The term "mercury" is used to describe both elemental mercury and its compounds. Elemental mercury is the form of mercury found in nature in its free state; it is a metallic element with a dense white color and a softness characteristic of metals. It is extremely toxic if inhaled or ingested. In addition, elemental mercury is highly reactive and will combine with other elements, forming compounds that are no longer toxic and removable with simple techniques such as incineration or burial in non-hazardous locations.
Compounds of mercury are also toxic and should not be released into the environment without proper containment and disposal.
Mercury is a silver-white, highly dense, heavy metal that is a liquid at ambient temperature. Mercury has a density of 13.5 g/mL, which is approximately 13.5 times denser than water (1.0 g/mL), therefore even a little amount of mercury feels very weighty. Liquid mercury is extremely dangerous and should be handled by trained professionals.
Although mercury is almost 100% more dense than water, this does not mean that it would float if it were to enter the ocean. The reason why mercury is so toxic is because it can remain in the environment for many years before it gets recycled. When mercury enters the environment, it can bind with other chemicals and substances naturally found in soil or water, such as sulfur or chlorine, and become less soluble than when it was first released into the atmosphere. This means that even if some mercury did enter the ocean, it would be removed later on when it binds with other elements in the sea.
The only way mercury could possibly get into the ocean is if it were to be released into it directly. For example, if someone threw away a thermometer filled with liquid mercury then this would be able to drain into the ocean through storm drains or sink into the ground where it would leach into the soil and contribute to the global warming process. However, this would be an accident waiting to happen and should never be done!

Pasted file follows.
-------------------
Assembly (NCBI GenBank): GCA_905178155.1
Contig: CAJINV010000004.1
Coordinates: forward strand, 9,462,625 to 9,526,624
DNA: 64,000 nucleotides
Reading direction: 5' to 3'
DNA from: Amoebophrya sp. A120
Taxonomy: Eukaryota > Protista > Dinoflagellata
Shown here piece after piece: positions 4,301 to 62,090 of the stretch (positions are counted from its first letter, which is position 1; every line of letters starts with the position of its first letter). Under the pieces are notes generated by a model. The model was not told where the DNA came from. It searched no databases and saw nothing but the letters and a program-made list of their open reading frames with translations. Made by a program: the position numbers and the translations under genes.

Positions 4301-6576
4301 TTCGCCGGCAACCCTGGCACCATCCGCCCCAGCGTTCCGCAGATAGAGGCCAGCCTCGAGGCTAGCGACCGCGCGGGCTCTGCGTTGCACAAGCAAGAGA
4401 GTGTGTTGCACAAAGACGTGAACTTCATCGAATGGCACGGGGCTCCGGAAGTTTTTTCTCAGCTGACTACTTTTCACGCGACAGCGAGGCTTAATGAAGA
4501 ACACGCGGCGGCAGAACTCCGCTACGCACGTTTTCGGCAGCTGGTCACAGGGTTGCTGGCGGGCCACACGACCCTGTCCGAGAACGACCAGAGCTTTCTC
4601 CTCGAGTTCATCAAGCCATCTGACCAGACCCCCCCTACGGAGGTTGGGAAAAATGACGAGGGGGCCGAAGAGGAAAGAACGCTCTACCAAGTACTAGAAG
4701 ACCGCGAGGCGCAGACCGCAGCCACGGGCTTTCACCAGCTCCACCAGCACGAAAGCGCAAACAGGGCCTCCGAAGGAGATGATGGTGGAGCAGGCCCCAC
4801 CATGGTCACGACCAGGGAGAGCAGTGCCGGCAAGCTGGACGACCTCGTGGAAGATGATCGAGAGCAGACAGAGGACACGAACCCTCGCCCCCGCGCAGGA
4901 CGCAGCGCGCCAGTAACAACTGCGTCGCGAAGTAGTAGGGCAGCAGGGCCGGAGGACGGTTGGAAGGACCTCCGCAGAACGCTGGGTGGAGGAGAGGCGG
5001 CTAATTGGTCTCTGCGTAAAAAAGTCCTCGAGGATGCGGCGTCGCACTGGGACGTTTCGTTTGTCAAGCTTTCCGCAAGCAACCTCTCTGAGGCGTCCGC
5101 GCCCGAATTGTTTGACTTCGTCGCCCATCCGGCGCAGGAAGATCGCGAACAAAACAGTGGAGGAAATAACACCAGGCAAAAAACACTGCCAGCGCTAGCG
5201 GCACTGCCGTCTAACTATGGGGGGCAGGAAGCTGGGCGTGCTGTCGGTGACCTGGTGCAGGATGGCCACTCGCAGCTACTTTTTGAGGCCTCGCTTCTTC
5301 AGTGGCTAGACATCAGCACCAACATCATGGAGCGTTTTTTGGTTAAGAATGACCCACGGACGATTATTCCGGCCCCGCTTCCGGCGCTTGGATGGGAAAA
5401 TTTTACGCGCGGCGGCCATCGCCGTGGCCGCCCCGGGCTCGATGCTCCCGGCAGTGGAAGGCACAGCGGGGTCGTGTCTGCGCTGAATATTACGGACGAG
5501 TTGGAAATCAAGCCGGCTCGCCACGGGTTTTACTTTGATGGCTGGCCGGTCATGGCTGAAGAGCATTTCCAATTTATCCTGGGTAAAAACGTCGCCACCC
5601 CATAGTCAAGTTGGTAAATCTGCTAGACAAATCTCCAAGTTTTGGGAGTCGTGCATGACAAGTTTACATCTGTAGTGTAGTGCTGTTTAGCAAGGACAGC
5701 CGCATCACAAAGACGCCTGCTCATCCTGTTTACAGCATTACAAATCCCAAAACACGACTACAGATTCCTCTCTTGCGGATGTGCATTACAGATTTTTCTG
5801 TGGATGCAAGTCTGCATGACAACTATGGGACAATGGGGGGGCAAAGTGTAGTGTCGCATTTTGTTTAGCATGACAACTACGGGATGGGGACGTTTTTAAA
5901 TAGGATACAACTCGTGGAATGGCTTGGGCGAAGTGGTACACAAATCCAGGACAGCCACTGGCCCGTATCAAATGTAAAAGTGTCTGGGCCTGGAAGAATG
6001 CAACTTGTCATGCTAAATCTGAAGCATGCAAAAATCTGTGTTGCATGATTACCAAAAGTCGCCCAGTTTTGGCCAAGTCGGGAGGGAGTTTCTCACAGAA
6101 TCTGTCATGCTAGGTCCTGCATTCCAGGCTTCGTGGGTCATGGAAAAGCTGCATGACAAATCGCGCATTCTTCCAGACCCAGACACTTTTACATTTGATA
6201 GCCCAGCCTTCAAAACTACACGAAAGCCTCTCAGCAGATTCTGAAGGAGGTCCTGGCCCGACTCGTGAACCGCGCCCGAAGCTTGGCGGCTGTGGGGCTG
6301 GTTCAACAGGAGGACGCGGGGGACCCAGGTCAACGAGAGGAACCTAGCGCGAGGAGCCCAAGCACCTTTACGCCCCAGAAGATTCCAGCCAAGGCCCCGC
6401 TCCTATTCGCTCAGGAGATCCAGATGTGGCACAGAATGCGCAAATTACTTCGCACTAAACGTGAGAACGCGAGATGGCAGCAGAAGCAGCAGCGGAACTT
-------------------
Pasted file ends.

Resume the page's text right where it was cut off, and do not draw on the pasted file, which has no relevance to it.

The buoyant force on an item is equal to the weight of the fluid that the object displaces, according to the Archimedes principle. Objects that are less dense than the fluid will float as a result. Because mercury is a metal, it is extremely dense, which means that when it is a liquid, certain heavy items float on the surface.
Items that don't displace enough fluid to rise to the surface include gases such as air and water vapor. This is why bubbles will not rise in a glass of water if you stop stirring the water once the mixture becomes still. The gas inside the bubble cannot escape, so the bubble stays afloat even though no movement of the liquid is occurring around it.
When objects with different densities are mixed together, they form a new composite object with its own unique density. If a piece of wood is submerged in a pool of water, it will eventually come up again because some of the water has been displaced by the piece of wood. The amount of water that can be displaced is called its "specific gravity." Most objects have a specific gravity greater than 1, but some very light objects can have a specific gravity of less than 1. For example, a balloon has a specific gravity of about 0.04, while air has a specific gravity of 1. Therefore, when floating balloons and air are mixed together, both items will remain at the surface of the water because there is not enough energy required to push any of them below the water line.